The opening track, ‘Moving On’, is a gently rolling country number – Kirsty has long had an affinity with Americana – decorated by Clive Mellor’s harmonica. Kirsty has a collective of ten musicians behind her and this song is based around Barkley McKay’s lap steel and Hammond. The second track is sophisticated lounge jazz featuring Nick Walters’ trumpet and there are still a dozen tracks to go. ‘Butterfly Pin’ is a bluesy jazz number and by this point in what was supposed to be my writing phase I just sat back to listen again.

Fortunately ‘Raven’s Eyes’ dragged me backed to work – I guess Anton Hunter is responsible for the strange sounds underpinning the song – and that comes just in time for my favourite song, ‘Copenhagen’ For Kirsty, this is a retro arrangement based on acoustic guitar with a glass harmonica in the mix but there are more delicate elements than I can enumerate before the track builds up to its big finish. From now on, The Deafening Sound Of Stars takes on a subtly different mood with ‘Second Tuesday’ and the bluesy Americana of ‘Highway Dog Rose’.

And so it goes. The Deafening Sound Of Stars is a splendid album that I’d rather listen to than have to write about. Jazz, blues, folk and smart lyrics are all here – and if those lyrics were printed just a bit larger on the cover it would be perfect.

Dai Jeffries

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Artist’s website: www.kirstymcgee.com

‘Madness & The Moon’ – official video:

Bella Hardy announces retrospective collection and tour dates

Bella Hardy
Photograph by Kate Chappell

BBC Folk Singer of the Year Bella Hardy found her first home in folk music through a childhood love for ballad books. A self-taught ‘fiddle singer’, she began performing at Cambridge and Sidmouth festivals from the age of 13. Her debut album Night Visiting established her reputation as a talented songwriter when her first original composition ‘Three Black Feathers’ earned a BBC Folk Award nomination. Since then, Bella has sung unaccompanied ballads at a sold-out Royal Albert Hall, taken a band of drums, brass and electronics to the National Concert Hall of Budapest, and learnt the songs of Chinese farmers during her time as British Council Musician in Residence in Yunnan Province. She’s sat on the moors of her beloved Peak District with only her fiddle for company. She spent a year in Tennessee as a ranch hand, looking after horses, fiddle-singing in the diners, and immersing herself in the music culture of Nashville. With her mesmerising voice and ability to conjure and twist stories that call straight to the heart, Bella has beguiled audiences from Canada to Japan, from Spanish bars, to Castles, to Concert Halls.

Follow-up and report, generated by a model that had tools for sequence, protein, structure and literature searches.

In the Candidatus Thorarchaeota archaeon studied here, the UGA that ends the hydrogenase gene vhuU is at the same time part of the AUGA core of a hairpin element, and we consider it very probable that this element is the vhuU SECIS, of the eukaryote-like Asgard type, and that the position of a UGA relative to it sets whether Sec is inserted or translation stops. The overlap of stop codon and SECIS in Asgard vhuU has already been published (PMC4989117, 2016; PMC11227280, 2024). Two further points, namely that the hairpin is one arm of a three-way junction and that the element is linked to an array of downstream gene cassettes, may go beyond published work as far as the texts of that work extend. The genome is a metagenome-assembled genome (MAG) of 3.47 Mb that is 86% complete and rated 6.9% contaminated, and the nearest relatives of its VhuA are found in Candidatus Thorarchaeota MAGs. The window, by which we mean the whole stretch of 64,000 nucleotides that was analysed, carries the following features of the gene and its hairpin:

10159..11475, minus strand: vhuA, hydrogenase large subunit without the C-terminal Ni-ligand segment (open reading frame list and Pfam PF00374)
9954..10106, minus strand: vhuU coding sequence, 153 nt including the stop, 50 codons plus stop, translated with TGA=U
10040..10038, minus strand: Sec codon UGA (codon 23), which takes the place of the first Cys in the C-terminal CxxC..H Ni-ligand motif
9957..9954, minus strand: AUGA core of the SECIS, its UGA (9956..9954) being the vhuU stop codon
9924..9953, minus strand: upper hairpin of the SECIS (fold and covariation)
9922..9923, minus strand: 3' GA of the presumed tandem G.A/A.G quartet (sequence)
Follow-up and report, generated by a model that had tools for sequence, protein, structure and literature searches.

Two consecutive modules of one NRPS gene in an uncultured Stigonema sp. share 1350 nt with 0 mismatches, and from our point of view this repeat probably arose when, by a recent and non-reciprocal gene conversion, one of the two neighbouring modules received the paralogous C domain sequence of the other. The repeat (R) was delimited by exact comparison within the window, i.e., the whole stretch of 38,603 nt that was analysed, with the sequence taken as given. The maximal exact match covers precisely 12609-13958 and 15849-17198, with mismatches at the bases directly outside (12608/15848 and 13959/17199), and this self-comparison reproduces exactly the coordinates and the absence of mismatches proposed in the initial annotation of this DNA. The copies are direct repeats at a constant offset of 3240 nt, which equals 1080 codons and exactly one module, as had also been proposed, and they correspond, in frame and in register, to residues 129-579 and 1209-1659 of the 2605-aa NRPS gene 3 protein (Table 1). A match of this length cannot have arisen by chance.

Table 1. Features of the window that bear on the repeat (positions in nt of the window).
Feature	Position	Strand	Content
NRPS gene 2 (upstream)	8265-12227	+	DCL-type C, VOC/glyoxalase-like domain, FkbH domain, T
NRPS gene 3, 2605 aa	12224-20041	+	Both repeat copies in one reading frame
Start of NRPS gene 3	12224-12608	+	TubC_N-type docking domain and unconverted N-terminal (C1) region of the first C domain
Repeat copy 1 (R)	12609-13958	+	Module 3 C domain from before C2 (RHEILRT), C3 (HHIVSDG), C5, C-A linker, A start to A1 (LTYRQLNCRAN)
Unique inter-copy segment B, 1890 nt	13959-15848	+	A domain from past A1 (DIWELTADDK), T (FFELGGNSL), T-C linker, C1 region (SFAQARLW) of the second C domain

With unflinching courage, Bella Hardy has explored and blurred musical boundaries in her search for meaning. From her mastery of tradition music and the stripped back strings and concertina of her debut album Night Visiting (2007), to the electric guitar and drums in the self-penned humanist hymns and feminist battle cries of Hey Sammy (2017), via the Derbyshire ballads of The Dark Peak & The White and ancient Chinese poetry of Eternal Spring, an album of songs and poetry recorded in China. Her themes of displacement and home, lost and found love, heartache and joy, are delivered with her unique, disarming honesty, and, of course, the acclaimed crystalline voice that won her BBC Radio 2 Folk Awards Singer of the Year.

And she shared the whole extraordinary journey with you in her first nine records, in the space of just ten years.